$79,029.94 spent on AWS in March - A full breakdown of ConvertKit's AWS bill

general engineering aws
$79,029.94
Kris Hamoud

Kris Hamoud is an Infrastructure Engineer who enjoys building simple and scalable solutions.

Overview

We spent $79,029.94 on AWS in March. This is up 8.7% from February and is 4.5% of MRR in March.

This post will be a bit different than previous posts in that I explain more about how we configured our service and how much we spend on each piece. It is not exhaustive, but it covers most of how our application is wired together in AWS.

High-level breakdown:

  1. EC2-Instances - $21,905.28 (+14%)
  2. Relational Database Service - $20,796.04 (+8%)
  3. EC2-Other - $9,949.56 (-3%)
  4. S3 - $8,408.98 (+20%)
  5. Savings Plans for Compute usage - $7,142.40 (+7%)
  6. Support - $5,300.26 (+8%)
  7. EC2-ELB - $2,322.43 (+6%)

Web Applications - $1,989.45

We built the ConvertKit web apps with Ruby on Rails. The web apps are deployed on EC2 using autoscaling groups. The autoscaling groups have no autoscaling policies other than maintaining a static count. We're changing this as soon as we migrate to Kubernetes. The ConvertKit web apps run on 16 servers across three availability zones.

  • EC2-Instances - $1,989.45
    • We served 2.63 Billion requests and 70.62 TB egress data to the internet in March.

Web Application Requests

Sidekiq - $5,586.26

We use Sidekiq to process our background jobs. Our Sidekiq workers are also deployed on EC2 with autoscaling groups without autoscaling policies. We will migrate these to Kubernetes first and will be able to take advantage of the autoscaling capabilities combined with native Kubernetes PreStop Hooks.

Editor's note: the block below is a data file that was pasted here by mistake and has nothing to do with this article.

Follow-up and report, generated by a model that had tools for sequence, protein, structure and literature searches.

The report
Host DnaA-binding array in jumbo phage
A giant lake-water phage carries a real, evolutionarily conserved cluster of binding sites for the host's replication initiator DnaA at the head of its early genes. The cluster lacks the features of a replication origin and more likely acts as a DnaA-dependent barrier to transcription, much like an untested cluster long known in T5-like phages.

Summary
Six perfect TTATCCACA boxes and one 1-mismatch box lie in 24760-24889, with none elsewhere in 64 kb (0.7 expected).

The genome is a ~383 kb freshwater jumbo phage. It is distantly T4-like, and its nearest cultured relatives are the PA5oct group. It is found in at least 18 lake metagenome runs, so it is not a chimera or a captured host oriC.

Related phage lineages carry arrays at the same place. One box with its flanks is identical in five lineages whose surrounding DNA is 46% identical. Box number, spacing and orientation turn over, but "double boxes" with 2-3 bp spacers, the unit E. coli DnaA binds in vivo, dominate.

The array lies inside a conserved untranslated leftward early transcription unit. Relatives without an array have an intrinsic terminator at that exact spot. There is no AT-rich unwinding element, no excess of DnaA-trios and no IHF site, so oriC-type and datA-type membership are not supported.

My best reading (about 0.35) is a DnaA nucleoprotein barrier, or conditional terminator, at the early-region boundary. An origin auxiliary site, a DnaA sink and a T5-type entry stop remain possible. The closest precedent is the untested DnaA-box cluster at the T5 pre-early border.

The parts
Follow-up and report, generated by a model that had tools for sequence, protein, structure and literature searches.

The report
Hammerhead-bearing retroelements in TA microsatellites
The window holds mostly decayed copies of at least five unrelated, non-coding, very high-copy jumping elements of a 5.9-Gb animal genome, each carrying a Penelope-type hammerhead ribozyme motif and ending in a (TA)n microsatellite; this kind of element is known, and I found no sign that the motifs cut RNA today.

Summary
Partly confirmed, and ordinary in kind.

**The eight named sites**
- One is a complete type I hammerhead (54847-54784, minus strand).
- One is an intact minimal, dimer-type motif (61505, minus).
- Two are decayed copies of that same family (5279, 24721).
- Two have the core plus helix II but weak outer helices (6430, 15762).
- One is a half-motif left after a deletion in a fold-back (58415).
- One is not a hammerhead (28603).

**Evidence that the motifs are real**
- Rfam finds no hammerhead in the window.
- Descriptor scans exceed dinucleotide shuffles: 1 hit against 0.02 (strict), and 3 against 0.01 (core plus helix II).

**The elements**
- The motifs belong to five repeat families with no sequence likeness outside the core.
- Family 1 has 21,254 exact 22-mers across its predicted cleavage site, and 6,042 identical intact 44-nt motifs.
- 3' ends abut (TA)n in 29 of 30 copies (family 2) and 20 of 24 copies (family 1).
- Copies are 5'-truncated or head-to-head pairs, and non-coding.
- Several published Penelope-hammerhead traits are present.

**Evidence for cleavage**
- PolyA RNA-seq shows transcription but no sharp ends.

Sidekiq Job Count

Elasticsearch - $5,330.66

We run two ElasticSearch clusters. One stores application data so we can have fast statistics and the other stores our logs. We use i3.2xlarge instances to store our application data, and we use i3en.2xlarge instances to store our logs.

We spent $2995.36 on i3.2xlarge instances for 15.3TB of storage. This storage is split across our application data and our logs.

We spent $2,335.30 on i3en.2xlarge instances for 16.1TB of storage. We use these exclusively for storing our production logs.

We're currently storing about 30TB of logs. Logs

Cassandra - $5,991.21

We run one Cassandra cluster that spans two regions and six availability zones. We spent $5991.21 on i3.2xlarge instances for 15.3TB of storage replicated across two regions in March.

At peak times, we handle over 20k write operations per second while maintaining sub-millisecond p75 latencies and just over 1ms p95 latencies.

Cassandra Write Count Cassandra Write Latency

MySQL - $17,155.10

MySQL is our oldest data store. We migrated parts of the app from MySQL to Cassandra last year, but it is still the data store we rely the most on. We have a primary and two replicas. The primary and one replica are reserved, but the other replica is on-demand.

We spent $4,949.68 on our primary db.r5.12xlarge instance, $4,506.85 on our two db.r4.8xlarge instances, $730.90 on several smaller databases, and $6,967.66 on USE2-RDS:Multi-AZ-GP2-Storage, USE2-RDS:GP2-Storage, USE2-RDS:GP2-Storage, and RDS:ChargedBackupUsage.

Other AWS Costs

These are shared costs between services. They are not things we can pin to any one particular part of our infrastructure.

EC2-Other - $9,949.56 (-3%)